Microsoft is reportedly developing a web-oriented edition of the Windows 12 operating system, as sources have revealed to Windows Latest. This initiative follows previous attempts to create a lighter version of the OS, raising questions about its potential success.
The Next Generation of Windows
At the Build 2023 conference, Microsoft representatives hinted at what they referred to as a “new generation of Windows.” Windows Central reports that a significant operating system update is on the horizon, slated for release in the second half of 2024, marking three years since the introduction of Windows 11.
Microsoft is adhering to a three-year update cycle for Windows, punctuated by interim releases like Moment 4 for Windows 11. Notably, Windows 12 will bring noticeable interface changes, such as a taskbar resembling the macOS Dock Bar and the relocation of the system tray and search bar to the top of the screen. Additionally, the OS will incorporate artificial intelligence features, which may be limited to computers equipped with a neuroprocessor module.
Microsoft envisions a simplified version of Windows 12 as a formidable competitor to Chrome OS, particularly in the education sector. Despite Chrome OS holding a smaller share (3.32% compared to Windows’ 69.27%), it remains influential due to its affordability and ease of maintenance, making it popular in schools.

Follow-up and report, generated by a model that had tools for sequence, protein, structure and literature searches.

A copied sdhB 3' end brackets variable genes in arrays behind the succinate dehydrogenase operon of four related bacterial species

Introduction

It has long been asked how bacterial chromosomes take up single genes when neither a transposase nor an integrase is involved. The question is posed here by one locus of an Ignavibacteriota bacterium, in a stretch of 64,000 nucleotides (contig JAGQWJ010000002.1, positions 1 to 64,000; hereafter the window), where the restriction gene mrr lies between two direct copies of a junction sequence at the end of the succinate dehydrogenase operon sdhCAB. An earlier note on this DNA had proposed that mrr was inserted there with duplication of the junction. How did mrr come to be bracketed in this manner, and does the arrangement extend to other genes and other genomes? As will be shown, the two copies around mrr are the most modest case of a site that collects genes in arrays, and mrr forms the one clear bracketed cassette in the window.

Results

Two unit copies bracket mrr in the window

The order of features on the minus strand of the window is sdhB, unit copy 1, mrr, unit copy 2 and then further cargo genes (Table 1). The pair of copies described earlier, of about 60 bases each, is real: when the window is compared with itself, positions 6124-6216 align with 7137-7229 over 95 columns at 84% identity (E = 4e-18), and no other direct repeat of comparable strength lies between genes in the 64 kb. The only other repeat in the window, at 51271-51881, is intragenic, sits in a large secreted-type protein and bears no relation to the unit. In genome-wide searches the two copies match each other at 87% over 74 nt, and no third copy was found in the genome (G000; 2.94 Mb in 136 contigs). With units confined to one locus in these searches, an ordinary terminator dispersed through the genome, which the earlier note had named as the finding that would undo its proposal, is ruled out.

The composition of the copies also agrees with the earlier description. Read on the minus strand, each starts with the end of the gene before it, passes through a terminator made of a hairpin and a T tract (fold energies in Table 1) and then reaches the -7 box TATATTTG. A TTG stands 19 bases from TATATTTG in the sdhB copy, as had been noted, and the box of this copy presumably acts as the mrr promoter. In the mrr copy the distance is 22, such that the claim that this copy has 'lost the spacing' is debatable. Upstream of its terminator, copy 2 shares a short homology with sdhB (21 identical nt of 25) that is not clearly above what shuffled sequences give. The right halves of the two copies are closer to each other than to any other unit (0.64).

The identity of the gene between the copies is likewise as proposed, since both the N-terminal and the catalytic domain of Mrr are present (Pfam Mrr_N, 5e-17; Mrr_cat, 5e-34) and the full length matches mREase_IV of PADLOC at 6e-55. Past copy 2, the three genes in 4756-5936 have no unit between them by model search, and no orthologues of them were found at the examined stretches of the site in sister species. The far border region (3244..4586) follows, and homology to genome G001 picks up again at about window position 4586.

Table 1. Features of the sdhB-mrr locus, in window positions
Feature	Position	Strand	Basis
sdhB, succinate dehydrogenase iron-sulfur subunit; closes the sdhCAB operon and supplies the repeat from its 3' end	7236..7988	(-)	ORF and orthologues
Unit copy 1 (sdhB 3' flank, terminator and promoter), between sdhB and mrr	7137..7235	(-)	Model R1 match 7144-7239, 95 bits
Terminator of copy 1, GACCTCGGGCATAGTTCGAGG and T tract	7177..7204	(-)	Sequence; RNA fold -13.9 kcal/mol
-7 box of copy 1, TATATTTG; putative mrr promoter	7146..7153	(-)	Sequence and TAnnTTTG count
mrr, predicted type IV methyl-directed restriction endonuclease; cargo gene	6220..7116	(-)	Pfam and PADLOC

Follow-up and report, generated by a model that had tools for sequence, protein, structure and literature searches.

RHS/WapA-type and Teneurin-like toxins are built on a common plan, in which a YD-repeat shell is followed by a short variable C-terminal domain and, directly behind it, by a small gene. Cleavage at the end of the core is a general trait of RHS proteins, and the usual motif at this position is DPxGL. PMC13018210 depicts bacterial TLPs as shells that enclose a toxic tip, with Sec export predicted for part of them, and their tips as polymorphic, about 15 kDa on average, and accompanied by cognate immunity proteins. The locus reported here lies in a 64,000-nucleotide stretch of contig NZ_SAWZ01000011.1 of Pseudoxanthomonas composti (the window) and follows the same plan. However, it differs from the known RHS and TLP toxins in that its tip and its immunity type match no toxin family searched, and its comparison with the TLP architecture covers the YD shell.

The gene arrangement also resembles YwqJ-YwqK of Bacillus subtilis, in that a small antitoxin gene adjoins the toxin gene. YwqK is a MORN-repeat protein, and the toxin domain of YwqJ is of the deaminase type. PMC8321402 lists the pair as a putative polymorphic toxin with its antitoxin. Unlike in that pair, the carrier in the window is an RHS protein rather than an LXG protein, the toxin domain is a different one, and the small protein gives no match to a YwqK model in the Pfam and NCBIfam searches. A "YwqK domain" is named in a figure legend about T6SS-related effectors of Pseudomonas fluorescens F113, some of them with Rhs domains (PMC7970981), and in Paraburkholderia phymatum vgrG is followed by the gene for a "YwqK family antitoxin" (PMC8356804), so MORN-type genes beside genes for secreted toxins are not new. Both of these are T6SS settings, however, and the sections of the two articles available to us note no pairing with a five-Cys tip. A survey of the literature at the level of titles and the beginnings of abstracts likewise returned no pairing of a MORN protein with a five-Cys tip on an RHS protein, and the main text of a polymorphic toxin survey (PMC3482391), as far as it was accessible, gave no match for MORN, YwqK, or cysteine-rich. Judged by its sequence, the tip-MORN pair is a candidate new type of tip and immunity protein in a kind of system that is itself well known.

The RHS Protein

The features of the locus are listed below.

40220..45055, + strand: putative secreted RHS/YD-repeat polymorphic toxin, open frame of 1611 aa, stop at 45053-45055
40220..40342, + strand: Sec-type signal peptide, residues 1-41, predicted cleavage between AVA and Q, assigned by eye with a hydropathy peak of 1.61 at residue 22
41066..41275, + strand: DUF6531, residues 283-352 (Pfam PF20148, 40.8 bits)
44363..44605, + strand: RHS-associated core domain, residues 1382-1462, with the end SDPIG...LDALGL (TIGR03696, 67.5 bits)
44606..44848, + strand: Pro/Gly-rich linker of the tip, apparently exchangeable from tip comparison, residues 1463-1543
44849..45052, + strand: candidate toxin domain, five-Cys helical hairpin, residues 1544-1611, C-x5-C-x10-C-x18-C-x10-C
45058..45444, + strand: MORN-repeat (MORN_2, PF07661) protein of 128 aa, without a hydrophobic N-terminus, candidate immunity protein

Described as a “modern, modular, and lightweight version of Windows,” this alternative aims to challenge Chrome OS. Microsoft is actively recruiting talent for this endeavor, with job postings outlining plans to “define the next generation of Windows experiences spanning consumer and cloud environments.”
Similar to Chrome OS, Microsoft Edge will take center stage in the cloud version of Windows 12. Microsoft’s upcoming browser update, enriched with new AI-based capabilities, aligns with this strategy. Expect the Windows Copilot chatbot to play a significant role in the Windows 12 experience.
10X and 10S
While Windows 10 and 11 offer a simplified version known as S Mode, which restricts app installations to the Microsoft Store and mandates the use of Microsoft Edge, it is often seen as too restrictive by users, notes NIXsolutions. Windows 10X was Microsoft’s attempt to address this issue but was canceled shortly before the announcement of Windows 11.